We could have seen this coming, but hope sprang eternal… until it died, poetically, in the snows of mid-May. Burlington College finally gave up the ghost after several years of trying to overcome one of the dumbest decisions ever made by a college president.
— Terri Hallenbeck (@terrivt) May 16, 2016
I have to agree with Ms. Hallenbeck. For those just joining us, Jane O’Meara Sanders was president of Burlington College from 2004 to 2011. In her antepenultimate year, she engineered a massive land deal that put the college deep into hock: the college agreed to buy 33 acres of land and some buildings for $10 million from the Diocese of Vermont, which was liquidating assets to help pay the consequences of its long-suppressed pedophilia scandal.
Burlington College, with a student body of 200, had to assume millions in debt to acquire the property. But Sanders had a Big Plan. She was going to greatly expand the campus, nearly quadruple the student population, and dramatically increase fundraising.
In the depth of the Great Recession.
When liberal-arts colleges were dropping like flies.
It was a terrible idea on its face.
A lot of folks talked themselves into unwarranted optimism because of O’Meara Sanders’ reputation and connections, but at best it was a Hail Mary pass. If it had worked, it would have been marvelous — but there was a vanishingly small chance of meeting her absurdly ambitious financial and enrollment goals.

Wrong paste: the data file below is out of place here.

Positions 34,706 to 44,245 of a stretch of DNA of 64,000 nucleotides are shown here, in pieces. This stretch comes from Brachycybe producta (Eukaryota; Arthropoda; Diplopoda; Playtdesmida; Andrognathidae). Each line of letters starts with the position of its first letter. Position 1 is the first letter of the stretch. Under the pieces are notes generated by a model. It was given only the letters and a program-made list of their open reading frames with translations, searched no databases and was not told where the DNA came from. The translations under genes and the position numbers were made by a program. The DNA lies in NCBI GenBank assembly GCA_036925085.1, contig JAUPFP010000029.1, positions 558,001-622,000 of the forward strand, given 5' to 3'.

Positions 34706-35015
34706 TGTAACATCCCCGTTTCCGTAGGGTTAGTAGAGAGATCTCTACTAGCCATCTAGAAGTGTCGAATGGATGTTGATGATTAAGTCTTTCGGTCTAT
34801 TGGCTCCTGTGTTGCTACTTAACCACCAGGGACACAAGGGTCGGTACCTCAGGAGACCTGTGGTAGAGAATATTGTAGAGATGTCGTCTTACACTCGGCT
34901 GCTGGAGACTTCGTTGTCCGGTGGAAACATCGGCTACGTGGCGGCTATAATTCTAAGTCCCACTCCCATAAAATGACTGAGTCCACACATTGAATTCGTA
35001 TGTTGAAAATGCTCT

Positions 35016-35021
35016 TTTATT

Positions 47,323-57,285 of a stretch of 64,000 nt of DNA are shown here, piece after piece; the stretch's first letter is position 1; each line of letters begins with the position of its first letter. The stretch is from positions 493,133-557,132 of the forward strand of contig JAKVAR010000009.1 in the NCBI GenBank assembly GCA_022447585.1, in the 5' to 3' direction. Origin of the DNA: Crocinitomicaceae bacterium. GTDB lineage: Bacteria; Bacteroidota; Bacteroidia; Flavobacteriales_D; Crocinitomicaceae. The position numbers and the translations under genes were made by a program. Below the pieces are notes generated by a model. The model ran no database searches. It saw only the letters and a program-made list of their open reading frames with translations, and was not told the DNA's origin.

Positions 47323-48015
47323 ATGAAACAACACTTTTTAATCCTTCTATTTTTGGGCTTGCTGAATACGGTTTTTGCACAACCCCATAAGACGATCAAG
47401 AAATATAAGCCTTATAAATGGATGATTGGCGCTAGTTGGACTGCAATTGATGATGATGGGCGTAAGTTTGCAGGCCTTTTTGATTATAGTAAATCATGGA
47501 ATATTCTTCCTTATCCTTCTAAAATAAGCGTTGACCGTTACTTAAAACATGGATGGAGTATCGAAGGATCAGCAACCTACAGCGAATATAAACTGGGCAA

Does this have anything to do with Bernie Sanders’ candidacy for president? Well, I can answer that in two ways.
— Yes, it’s relevant because O’Meara Sanders is a close adviser to Bernie’s campaign, and she would play a major role in a Sanders presidency. The Burlington College deal raises real questions about her judgment.
— No, it doesn’t make a difference. But in that case, Bill Clinton is equally out of bounds.
Come to think of it, there’s a third way: It’s relevant but not probative. It’s worth considering, and the Sanderses should be prepared to answer questions, but by itself, it shouldn’t sway anyone’s vote.
Her decision had real consequences. A lot of good people worked very hard to try to save the college. A lot of students are having their college careers disrupted. And the bulk of the land has already been sold to a developer, much to the chagrin of preservation-minded Burlingtonians.
(And the rest of the BC property will undoubtedly be sold off, probably for redevelopment, as the college liquidates itself.) (Update: the remainder of the land has been sold to the developer who had earlier bought most of it.)
I’m sure there are plenty of preservationists who support Bernie Sanders for President. I’d like to hear how they rationalize Jane O’Meara Sanders’ pivotal role in the sad endgame of Burlington College.